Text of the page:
Marriage Lessons Learned Too Late


My beloved wife passed away recently and suddenly, only four months after finding out that she had cancer and only two weeks after entering the hospital in what seemed like relatively good health (she was able to walk in on her own, though she was having abdominal pain and was throwing up pretty bad).


One extremely painful yet extremely important lesson I learned the last week of my wife’s life was how selfish I had been.  Sure, my wife had her failings too but at the end of my wife’s life, God was seriously dealing with me, her husband.  God used this painful event as a magnifying glass on my own life. God showed me many things about myself that I should have worked on that I really had not taken seriously, things that would have gone a long way towards making my wife feel more special and making her really confident that I loved her.  God also showed me that we both looked at our differences as something wrong with the other person, rather than accepting those differences as the unique weaknesses and personality quirks of the other person created in the image of God.  I am just thankful that my wife does not need to care about these failings – being present with the Lord – and I know I can be confident that she forgives me even as Christ has forgiven me.  I am also so very thankful that God gave me a wonderful opportunity to confess my failings to my wife just before she died and while we were both able to hug each other and tell each other that we loved each other.


Another lesson learned too late came when I was looking for photos to bring and display at the memorial service being held for my wife.  I realized that even though I had LOTS of *digital* photos of my wife at all sorts of outings, I had very few decent portraits of her and of the two of us.  But what was saddest for me, was that I had never printed out any large photos of her and of us together to hang on the walls of our home.  Then it dawned on me that had I taken the time to put some photos of my wife around the house, she would have had at least a few visual reminders of how special she was to me.  And as I sifted through many photos and photo albums of our life together and even of my wife’s life before we met, I realized that we both should have gone through our photos a long time ago, to remind us of the many good times we had together.  I think it would have been especially helpful for us to revisit our wedding and honeymoon photos on a regular basis and to post more of them around the house.


In addition, I learned too late that there were things my wife wanted me to do regarding our finances that I was afraid to do because of the trust between us that had seriously broken down several years ago and that we didn’t seem to know how to rebuild.   What I realized – too late – was that if I had only trusted God with our finances and not worried about my wife mishandling the finances, I would have sent a powerful message to my wife, a message telling her that I forgave her for the things she did in the past that caused me to not trust her.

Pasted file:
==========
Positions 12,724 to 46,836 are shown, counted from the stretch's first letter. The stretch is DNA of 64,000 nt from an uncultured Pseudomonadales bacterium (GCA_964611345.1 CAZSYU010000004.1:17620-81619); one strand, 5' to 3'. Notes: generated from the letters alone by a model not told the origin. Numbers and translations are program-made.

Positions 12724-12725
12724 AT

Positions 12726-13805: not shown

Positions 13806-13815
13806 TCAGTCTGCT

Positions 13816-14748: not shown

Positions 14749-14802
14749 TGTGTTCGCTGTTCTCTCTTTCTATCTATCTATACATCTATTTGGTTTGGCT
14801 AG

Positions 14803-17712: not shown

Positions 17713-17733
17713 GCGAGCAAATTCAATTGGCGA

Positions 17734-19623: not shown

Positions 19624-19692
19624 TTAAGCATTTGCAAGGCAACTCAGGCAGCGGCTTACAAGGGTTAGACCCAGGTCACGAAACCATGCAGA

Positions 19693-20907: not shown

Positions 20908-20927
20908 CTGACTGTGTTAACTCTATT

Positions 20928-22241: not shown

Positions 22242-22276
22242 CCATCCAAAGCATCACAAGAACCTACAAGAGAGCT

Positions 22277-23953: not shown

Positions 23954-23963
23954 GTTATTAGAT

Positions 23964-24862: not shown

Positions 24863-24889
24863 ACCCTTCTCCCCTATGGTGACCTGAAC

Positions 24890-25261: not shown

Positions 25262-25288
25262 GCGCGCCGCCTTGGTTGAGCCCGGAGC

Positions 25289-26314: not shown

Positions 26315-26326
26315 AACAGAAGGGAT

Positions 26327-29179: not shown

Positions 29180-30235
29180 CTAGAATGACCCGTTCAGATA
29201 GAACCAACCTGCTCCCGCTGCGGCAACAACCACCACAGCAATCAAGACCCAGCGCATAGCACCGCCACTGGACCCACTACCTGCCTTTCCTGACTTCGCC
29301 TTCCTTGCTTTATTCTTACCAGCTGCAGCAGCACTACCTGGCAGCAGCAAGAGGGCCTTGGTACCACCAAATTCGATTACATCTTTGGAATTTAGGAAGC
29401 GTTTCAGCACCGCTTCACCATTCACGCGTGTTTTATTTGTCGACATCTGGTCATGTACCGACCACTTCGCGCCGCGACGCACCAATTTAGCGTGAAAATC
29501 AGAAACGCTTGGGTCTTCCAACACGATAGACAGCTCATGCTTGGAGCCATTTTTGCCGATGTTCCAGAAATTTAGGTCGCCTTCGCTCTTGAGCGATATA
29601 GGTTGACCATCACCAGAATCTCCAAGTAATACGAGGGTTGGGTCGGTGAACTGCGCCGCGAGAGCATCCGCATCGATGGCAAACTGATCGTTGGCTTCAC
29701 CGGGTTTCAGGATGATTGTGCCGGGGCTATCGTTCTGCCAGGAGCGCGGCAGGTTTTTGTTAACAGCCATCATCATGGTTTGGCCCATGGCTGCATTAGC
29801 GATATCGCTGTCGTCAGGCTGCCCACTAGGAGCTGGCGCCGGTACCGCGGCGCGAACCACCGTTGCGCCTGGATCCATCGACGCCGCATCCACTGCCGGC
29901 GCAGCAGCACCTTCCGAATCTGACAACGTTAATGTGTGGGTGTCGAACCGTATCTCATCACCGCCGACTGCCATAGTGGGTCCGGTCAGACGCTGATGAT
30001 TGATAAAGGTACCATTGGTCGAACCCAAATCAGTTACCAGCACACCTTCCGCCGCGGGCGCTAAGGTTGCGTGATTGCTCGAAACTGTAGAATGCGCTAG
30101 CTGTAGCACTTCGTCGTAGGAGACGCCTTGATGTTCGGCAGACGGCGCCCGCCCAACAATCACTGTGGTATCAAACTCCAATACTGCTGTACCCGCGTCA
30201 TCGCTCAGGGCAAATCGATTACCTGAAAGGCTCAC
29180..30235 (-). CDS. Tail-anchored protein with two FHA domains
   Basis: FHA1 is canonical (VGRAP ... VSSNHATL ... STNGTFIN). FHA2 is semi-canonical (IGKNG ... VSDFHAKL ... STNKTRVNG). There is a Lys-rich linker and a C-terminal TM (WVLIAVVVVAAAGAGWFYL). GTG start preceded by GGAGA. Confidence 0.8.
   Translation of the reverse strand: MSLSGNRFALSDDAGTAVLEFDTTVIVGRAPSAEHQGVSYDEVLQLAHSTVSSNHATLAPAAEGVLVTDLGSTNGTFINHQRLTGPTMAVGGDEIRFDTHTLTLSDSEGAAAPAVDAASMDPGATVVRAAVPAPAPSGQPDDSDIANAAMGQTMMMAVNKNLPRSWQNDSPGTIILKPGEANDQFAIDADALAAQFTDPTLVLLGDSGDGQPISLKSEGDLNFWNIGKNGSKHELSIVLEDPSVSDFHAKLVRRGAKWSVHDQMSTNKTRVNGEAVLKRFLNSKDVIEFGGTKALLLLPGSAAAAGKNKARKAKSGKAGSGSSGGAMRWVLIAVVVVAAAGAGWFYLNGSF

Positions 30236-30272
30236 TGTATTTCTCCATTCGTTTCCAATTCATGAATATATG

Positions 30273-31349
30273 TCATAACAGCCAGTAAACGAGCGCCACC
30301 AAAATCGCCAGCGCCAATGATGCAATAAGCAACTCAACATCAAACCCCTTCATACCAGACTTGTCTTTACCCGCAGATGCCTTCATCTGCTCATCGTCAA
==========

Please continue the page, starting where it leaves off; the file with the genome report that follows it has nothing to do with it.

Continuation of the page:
I also learned that the times I was too busy doing my own things and engaged in my own interests and hobbies was time lost with my wife that I could never regain and never make up for.  And because my wife had some serious insecurity issues with me and others – insecurities that I was helping to contribute to – I was sending her a message that she was not first in my life and that my stuff and my time was more important than she was to me.  I would justify what I was doing (avoiding my wife), because my wife was being angry and harsh with me.  However, a lot of her attitude issues were only compounded by the fact that I was appearing to her – to enjoy being away from her.  Talk about a vicious circle! At those times, I was definitely giving her the impression that I was happier being out of her presence.  This can only serve to tell a wife that her husband does not like being around her and does not love her, which only increases the anger and anxiety level that the wife is already coping with.  It’s OK to walk away from a fight and hostility when emotions are running hot, but its not OK to stay away and not OK to avoid resolving problems and reconciling.  Of course both parties need to be ready and willing to patch things up.


And Christian men, even if you think you have the worst wife in the world, you have no excuse to complain.  God has given you your wife to conform you to Christ, not to make you happy.  The very things about your wife that you think she needs to change are the very things God has allowed to be there in her makeup to deal with YOU and your selfish sinful attitude.  Those “rough edges” you see in your wife should remind you that you are just as full of rough edges.  And those harsh words and angry moments should remind you that the weaker vessel that you married is full of hurts, anxieties, frustrations and insecurities – many of which you may be the cause of or the contributor to.


VIDEO: Marriage Message To Husbands